Defendant obviously has an interest in having her husband’s risk level reduced so he can come home to live and more completely care for her. But she is also the person who knows him best. As she perceptively observed, Defendant becomes offensive with women when he drinks. He doesn’t drink anymore. Defendant appears to be dedicated to caring for his wife. He has actively participated in sex crimes offender treatment. As this Court outlined in the Original SORA Decision, time spent offense-free in the community has been linked in actuarial studies to a decreased risk to re-offend. That factor is not accounted for, however, by the RAI. Two years, of course, is a relatively modest amount of time. Indeed, the Board’s argument that this time period is simply not long enough to justify granting the instant motion is not an unreasonable one. The fact that defendant has apparently not only remained completely sober during that period but put into place a lifestyle designed to maintain that sobriety, however, is very significant.

A second factor is defendant’s age (78). As the Court outlined in the Original SORA Decision, age is a significant factor which reduces an offender’s risk to re-offend. It is also a factor which is not taken into account by the RAI. This factor is much less significant for defendant than it is for other offenders because the Defendant’s last crime occurred at an advanced age when his actuarial likelihood to re-offend had already significantly diminished. Nevertheless, the fact that he is now 9 years older than he was when he last offended in 2003 indisputably decreases his actuarial re-offense risk.

His relationship with his wife since being released from prison also appears to be a significant protective factor which this Court did not have the opportunity to evaluate at the time of the Original SORA Decision. Reflecting the decreased sexual re-offense risk which arises from long term intimate relationships, the Static–99 assigns a point to offenders who have not lived with an intimate partner for at least two years. During the hearing of this criminal action on the Original SORA Decision, the Defendant’s psychiatric expert did not assess defendant with that one point on the Static 99 because he had already apparently lived with his wife for two years at the time. Thus, allowing defendant to live with his wife now would not reduce his score on the Static 99. It seems obvious to the Court, however, that forcing defendant to sleep at the Shelter as opposed to at home with his wife may increase his re-offense risk. Perversely, moreover, the reason defendant cannot live with his wife is because of his Level 3 SORA designation. So that risk level determination may actually be creating a greater risk that he will re-offend in this criminal case.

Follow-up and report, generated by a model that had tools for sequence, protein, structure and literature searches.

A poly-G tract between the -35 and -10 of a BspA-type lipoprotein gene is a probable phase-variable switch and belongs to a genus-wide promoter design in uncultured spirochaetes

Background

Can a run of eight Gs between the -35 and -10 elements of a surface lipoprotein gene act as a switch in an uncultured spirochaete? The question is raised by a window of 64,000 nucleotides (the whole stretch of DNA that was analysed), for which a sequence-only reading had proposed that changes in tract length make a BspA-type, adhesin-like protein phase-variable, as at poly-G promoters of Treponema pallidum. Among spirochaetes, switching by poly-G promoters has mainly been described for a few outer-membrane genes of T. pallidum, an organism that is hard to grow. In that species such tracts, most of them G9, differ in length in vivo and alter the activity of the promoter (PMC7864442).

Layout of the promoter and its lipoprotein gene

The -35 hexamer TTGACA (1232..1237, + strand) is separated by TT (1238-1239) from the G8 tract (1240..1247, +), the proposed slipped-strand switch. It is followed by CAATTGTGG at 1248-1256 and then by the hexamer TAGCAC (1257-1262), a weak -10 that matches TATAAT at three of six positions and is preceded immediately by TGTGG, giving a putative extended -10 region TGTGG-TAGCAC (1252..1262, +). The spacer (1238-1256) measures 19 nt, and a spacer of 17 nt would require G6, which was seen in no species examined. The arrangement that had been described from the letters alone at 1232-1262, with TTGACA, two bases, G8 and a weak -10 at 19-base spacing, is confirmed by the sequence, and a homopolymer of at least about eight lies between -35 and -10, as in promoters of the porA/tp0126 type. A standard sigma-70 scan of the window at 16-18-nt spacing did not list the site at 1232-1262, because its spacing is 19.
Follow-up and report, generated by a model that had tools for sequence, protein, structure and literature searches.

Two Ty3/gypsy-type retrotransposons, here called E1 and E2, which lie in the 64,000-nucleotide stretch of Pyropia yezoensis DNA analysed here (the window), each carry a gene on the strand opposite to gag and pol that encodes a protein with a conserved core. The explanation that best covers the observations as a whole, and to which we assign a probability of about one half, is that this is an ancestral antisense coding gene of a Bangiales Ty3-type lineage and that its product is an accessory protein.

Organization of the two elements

The Board, in its most recent submission, opines that defendant should “explore alternative living situations which would allow him to reside with his wife” to alleviate the hardship which the current inability of the defendant to live together has created. Obviously, however, the ability of an 86 year old woman in failing health and with very limited mobility and a 78–year–old Level 3 sex offender, both of whom are living on government assistance, to find a suitable alternative apartment in New York City might well be severely limited. The chance that the defendant could find such an apartment in New York City which was not within 1000 feet of a school is probably non-existent. Nor, in the Court’s view, do the current residency restrictions which have been imposed on defendant have any positive benefit in protecting the community. Defendant apparently spends all of his free time prior to his Bellevue curfew at his wife’s apartment now anyway. He just cannot sleep there. It is difficult to see what public safety purpose is being served by that restriction. Other than its negative impact on Defendant, the most significant consequence of the current restrictions is that defendant’s wife is being deprived of the complete care and companionship of her husband. Obviously, these circumstances are again a factor which is not considered by the RAI.